From Congressman Griffith's E-Newsletter. (I agree with him about the need to print paper-based forms. I don't think the problem is confined to the IRS; lots of people want to put things on the Internet and demand that customers pay the cost of printing them out. Unfortunately, citizens don't have the option of doing to the IRS what we do to businesses that refuse to mail out Real Catalogues...or writers who can't afford to publish Real Books...
"The IRS - Up to its Old Tricks?
As you probably know, tax return filing season is upon us once again. January 20 was the first day of the 2015 tax season, the day on which the Internal Revenue Service (IRS) began accepting tax returns.
The IRS has estimated that the average taxpayer spends roughly 13 hours per year preparing their taxes. But this year, it might be even more difficult.
For those who fill out paper tax returns, you may in previous years have gone to your local library or your county’s Commissioner of Revenue to pick up your various forms and instruction booklets. However, this year, the IRS is sending limited forms, and the agency is providing few free instruction booklets.
This is particularly troublesome for farmers who use the 1040 Schedule F form (the “Profit or Loss From Farming” form). The IRS is providing printouts of this form, but we are told the agency is not printing its instructions. We are also told by local officials that this form is used regularly.
Further, as reported last month by the Wall Street Journal, “Taxpayers are facing the worst service from the Internal Revenue Service since at least 2001, with more than half of callers unlikely to get through to the agency and average hold times of 30 minutes or more, according to a new government report.”
IRS forms and instructions can be found at www.irs.gov to be downloaded and printed, but it goes without saying that doing so is difficult if you don’t have internet access, as some in the Ninth District do not. If this is the case for you, contact my office (see below) for assistance acquiring tax forms and instructions.
Some are arguing that cuts to the IRS’ budget are to blame. A January 2015 story in the Washington Post reports that the IRS’ budget has dipped approximately 10 percent since 2009.
Notwithstanding this reduction, I would suggest a willingness to look for efficiencies in their offices ought to enable the agency to provide both good service and savings.
My first week in office, I voted to cut my budget by 5 percent. From 2011 to 2015, we have had a reduction of approximately 13 percent to our overall budget. Additionally, we have not spent an average of 10 percent per year during the 2011 to 2014 timeframe.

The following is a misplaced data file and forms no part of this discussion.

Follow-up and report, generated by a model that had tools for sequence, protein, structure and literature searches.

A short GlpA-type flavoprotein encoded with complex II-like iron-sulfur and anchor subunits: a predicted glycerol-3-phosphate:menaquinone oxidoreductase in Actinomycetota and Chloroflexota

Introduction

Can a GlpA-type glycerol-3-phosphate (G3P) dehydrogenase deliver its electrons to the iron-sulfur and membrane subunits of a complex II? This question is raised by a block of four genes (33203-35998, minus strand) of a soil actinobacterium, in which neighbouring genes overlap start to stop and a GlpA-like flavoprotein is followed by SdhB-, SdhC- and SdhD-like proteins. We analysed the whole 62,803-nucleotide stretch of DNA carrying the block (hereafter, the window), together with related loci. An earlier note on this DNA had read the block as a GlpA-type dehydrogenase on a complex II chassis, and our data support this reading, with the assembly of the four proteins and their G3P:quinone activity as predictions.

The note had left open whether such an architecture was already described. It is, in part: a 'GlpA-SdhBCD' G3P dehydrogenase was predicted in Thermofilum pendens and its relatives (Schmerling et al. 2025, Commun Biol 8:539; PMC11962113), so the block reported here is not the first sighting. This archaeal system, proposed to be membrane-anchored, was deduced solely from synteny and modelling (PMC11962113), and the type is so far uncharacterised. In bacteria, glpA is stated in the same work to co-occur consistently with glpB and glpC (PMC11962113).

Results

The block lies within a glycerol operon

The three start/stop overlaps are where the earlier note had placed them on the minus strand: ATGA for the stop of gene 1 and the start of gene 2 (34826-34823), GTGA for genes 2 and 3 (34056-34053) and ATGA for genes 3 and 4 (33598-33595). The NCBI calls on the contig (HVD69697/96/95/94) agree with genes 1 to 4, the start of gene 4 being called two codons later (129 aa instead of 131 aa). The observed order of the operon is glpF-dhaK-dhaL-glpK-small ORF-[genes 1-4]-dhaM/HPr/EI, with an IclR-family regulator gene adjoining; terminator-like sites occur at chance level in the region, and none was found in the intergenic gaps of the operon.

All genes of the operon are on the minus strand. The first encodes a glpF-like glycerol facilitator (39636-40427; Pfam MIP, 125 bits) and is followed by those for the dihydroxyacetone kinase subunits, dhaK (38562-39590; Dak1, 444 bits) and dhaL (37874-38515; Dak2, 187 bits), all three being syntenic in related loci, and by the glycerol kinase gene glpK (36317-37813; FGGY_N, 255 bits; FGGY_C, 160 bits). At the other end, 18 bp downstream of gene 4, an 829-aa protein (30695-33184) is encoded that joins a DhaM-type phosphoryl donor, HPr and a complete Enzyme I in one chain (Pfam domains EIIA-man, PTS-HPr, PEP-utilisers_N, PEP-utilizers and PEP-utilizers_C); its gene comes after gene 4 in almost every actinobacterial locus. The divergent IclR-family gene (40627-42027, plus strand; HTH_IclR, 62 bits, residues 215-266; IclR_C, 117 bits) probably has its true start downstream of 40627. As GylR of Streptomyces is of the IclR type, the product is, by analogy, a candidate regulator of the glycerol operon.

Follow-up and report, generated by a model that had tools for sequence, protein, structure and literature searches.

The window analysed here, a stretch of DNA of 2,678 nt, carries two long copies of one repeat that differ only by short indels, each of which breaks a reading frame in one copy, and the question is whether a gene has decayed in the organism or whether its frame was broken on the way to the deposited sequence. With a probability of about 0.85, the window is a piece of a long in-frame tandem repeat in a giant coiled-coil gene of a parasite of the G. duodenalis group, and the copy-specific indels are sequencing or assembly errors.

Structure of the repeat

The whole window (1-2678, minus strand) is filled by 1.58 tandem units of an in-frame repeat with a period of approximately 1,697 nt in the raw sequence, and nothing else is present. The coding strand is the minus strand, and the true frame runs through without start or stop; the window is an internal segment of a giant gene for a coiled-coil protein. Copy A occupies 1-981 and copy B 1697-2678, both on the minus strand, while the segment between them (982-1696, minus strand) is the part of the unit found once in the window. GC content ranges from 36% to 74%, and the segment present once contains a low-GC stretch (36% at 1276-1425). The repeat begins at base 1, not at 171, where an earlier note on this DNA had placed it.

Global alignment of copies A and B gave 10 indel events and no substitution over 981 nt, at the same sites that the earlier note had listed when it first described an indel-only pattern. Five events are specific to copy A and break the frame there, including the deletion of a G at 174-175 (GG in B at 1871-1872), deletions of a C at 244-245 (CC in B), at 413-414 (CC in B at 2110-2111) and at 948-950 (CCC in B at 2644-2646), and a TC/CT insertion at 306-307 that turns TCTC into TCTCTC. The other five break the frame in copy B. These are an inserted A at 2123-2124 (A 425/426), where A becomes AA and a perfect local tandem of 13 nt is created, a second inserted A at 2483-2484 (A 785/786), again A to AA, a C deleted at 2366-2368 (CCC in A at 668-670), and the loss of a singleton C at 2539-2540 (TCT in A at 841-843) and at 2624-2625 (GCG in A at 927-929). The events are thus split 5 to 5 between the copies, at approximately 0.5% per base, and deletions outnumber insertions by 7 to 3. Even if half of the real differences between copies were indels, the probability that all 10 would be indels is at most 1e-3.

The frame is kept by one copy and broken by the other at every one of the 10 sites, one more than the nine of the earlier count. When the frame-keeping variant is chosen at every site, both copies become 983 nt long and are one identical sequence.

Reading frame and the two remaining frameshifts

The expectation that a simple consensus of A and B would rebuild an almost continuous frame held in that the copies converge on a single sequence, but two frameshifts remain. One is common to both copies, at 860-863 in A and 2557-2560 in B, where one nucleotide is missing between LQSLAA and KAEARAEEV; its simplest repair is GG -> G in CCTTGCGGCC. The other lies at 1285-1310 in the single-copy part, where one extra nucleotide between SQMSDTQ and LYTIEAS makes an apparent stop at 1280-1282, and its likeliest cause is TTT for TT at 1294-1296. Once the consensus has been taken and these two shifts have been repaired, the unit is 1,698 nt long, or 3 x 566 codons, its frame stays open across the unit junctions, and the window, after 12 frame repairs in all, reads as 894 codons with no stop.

All this without making constituents pay the price. Surely the IRS could do that as well.
I would submit to you that the IRS is once again attempting to punish the American people, instead of looking for ways to save American taxpayers’ money without shortchanging them on service.
Let’s remember, this is the agency that in the past spent money on spoof Star Trek training videos and expensive conference meetings. These meetings cost around $50 million over three years – this at a time we were being told there was little fat in the budget.
Also, as you know, the IRS admitted to having inappropriately and improperly handled applications from conservative groups.
And in a report released last week, the agency’s inspector general said the IRS had rehired between January 2010 and July 2013 hundreds of employees despite past work troubles including having used their positions to access taxpayer information without authorization, having botched their own tax returns, off-duty misconduct, etc.
Are the IRS’ latest actions part of a backdoor attempt to again hit conservative groups? I would like to think not, but the IRS has little credibility. And farmers, who are usually conservative, seem to be negatively impacted.
While the current IRS seems to go after conservative people or groups, perhaps – under a conservative President – they might think they should use their power to hit liberal people or groups. Neither is proper. The IRS must be politically neutral.
Unfortunately, it seems to me that the IRS may be up to its same old tricks. If true, the IRS cannot be trusted to look out for the best interests of the American people.
This rogue, now politicized government agency must be stopped.
My team has alerted House Appropriations about these concerns. Actions will be taken. Rest assured I will fight to see that the IRS is held accountable.
If you have questions, concerns, or comments, feel free to contact my office. You can call my Abingdon office at 276-525-1405 or my Christiansburg office at 540-381-5671. To reach my office via email, please visit my website at www.morgangriffith.house.gov. Also on my website is the latest material from my office, including information on votes recently taken on the floor of the House of Representatives."